These data suggest that both genetic factors and sex hormones may affect the likelihood of developingSLE. If a family member has SLE, the probability of SLE increases (about 30% for identical twinsand 5% for other first-degree relatives). Although males develop SLE less frequently than do females,their illness is not milder (Wyngaarden and Smith, 1988, p. 2012). The ratio of females to males withlupus is about 10:1. It is believed that the influences of female sex hormones, particularly estrogens,on the immune system make females more susceptible to the development of lupus. Additionalevidence to support this interpretation include the development or worsening of lupus with pregnancyor with the use of birth control pills, instances in which estrogen levels are increased (Aladjem, 1992,p. 2).

    Lupus in children is rare. The age of onset varies but generally falls between 4 and 18 years. Lupus isextremely rare in children under 4. In children, the ratio of females to males with lupus varies from4:1 to 9:1, depending on the clinic. The symptoms are the same in children and adults in most cases(60-90%). Fortunately, most children get better spontaneously. A few adolescents have severe life-threatening disease, whereas others will continue to have relapses and remissions all their lives. Whatdictates the severity of the disease is the extent of organ involvement. The most severe disease oftenoccurs in black female children, although the incidence of the disease is also higher in blacks ingeneral. Three broad manifestations of the disease have a poor prognosis: lupus nephritis (kidneyinvolvement), central nervous system involvement, and persistent systemic manifestations. However,the prognosis for lupus patients has improved considerably and continues to improve each year(Aladjem, 1990, p. 187-189).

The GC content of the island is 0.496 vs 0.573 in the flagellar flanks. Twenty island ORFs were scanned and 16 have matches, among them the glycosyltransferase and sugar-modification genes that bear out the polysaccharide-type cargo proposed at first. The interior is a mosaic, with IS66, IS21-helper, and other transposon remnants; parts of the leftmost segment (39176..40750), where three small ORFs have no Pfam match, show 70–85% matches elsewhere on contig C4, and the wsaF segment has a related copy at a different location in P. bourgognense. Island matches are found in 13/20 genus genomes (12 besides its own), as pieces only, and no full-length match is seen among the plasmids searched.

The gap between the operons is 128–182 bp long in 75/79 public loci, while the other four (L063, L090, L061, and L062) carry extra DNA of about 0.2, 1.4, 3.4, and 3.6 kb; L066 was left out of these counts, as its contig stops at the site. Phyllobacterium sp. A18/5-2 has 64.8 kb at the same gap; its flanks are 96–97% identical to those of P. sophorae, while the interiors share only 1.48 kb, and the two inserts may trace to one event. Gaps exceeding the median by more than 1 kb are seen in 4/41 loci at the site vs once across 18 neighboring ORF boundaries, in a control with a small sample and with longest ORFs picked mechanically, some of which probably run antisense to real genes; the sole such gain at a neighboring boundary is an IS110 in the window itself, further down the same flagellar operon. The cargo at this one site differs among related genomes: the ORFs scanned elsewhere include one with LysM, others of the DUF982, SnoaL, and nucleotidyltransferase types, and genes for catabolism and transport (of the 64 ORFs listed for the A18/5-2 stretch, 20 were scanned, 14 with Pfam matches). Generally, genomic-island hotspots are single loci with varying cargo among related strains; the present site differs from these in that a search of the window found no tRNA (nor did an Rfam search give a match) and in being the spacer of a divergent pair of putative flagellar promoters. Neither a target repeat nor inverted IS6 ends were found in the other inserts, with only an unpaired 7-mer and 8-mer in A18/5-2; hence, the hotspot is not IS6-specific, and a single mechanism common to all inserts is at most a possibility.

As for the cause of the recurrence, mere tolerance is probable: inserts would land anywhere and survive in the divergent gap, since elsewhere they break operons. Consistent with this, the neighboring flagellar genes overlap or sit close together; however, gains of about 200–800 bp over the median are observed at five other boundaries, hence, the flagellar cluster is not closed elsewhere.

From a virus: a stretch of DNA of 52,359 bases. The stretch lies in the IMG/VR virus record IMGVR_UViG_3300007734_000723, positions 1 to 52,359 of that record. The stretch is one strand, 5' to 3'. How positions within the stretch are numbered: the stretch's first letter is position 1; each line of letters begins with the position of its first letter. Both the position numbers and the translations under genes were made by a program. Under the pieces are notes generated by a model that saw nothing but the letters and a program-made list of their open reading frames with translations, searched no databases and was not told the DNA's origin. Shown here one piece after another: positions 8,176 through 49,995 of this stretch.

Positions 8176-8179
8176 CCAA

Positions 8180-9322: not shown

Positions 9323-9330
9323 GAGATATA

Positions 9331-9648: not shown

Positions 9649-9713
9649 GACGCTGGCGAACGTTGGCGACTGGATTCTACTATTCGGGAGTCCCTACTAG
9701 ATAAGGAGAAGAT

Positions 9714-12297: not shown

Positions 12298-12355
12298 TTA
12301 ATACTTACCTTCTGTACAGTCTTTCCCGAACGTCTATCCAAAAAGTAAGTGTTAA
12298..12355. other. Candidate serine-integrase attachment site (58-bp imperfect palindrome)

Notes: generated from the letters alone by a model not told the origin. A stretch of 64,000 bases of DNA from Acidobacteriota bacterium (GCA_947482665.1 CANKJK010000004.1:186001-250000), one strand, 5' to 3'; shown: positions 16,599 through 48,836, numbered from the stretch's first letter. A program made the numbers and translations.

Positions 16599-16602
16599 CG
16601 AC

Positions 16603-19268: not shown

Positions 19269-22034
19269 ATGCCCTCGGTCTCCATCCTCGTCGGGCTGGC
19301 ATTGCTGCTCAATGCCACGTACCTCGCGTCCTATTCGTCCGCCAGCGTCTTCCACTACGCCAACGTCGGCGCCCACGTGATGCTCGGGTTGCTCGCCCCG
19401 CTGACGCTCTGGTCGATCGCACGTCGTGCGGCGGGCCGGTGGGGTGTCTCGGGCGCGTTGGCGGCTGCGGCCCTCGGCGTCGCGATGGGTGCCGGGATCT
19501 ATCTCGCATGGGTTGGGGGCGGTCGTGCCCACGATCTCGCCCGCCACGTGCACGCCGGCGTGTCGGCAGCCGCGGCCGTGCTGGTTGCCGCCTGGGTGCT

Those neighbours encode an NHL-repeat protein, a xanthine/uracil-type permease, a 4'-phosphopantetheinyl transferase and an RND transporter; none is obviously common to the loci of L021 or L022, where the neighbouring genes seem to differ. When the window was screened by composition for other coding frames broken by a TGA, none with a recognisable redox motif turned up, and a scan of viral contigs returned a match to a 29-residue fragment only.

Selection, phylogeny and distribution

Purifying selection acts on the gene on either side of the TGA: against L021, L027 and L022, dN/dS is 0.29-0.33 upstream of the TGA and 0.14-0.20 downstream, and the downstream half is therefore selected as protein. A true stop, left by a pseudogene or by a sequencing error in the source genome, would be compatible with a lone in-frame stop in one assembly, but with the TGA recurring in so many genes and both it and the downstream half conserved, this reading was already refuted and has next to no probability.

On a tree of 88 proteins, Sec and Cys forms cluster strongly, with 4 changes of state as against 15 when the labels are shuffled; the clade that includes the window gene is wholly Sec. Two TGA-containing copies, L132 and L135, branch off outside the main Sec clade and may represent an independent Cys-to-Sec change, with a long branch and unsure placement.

Cause of Lupus is Unknown
    Although it's exact cause is unknown, certain drugs and chemicals can induce in susceptibleindividuals a lupus-like syndrome that disappears when the drug is discontinued (Freni-Titulaer et al.,1989, p. 408). The chemicals associated with lupus fall into four classes: aromatic amines(particularly procainamide, used to treat heart abnormalities), hydrazines, sulfur-containing drugs, andthe hydralazine anti-convulsants. The environmental records do not disclose the presence of thosechemical compounds in the environmental media of RMA at levels of public health significance. Therefore, it's unlikely that cases of lupus could be associated with RMA.

    It bears noting that hydrazine breaks down into nitrosamines rapidly. Nitrosamines have been detectedin wells north of Basin F on RMA, but until recently nitrosamines were not detected downgradient ofthe treatment system. The detection of the nitrosamine N-Nitrosodimethylamine (NDMA) in theOffpost area at very low levels (0.2 - 2 ng/L) has resulted in a commitment by RMA and Shell OilCompany for further monitoring and evaluation in 1995 and early 1996. The significance of this new data is unknown at this time.

    As mentioned earlier, we do not know the cause of lupus. Nonetheless, the importance of geneticfactors in the cause of SLE is clearly demonstrated by studies of monozygotic twins. Rare cases oftwins separated at birth and raised in different environments but both developing SLE within a shorttime of each other are well documented. Recently, rates of 23% for monozygotic twins and 9% fordizygotic twins have been reported (Deapen et al., 1986). These data further support the idea that bothgenetic and environmental factors are important in the development of SLE (Hopkinson, 1991, p.292).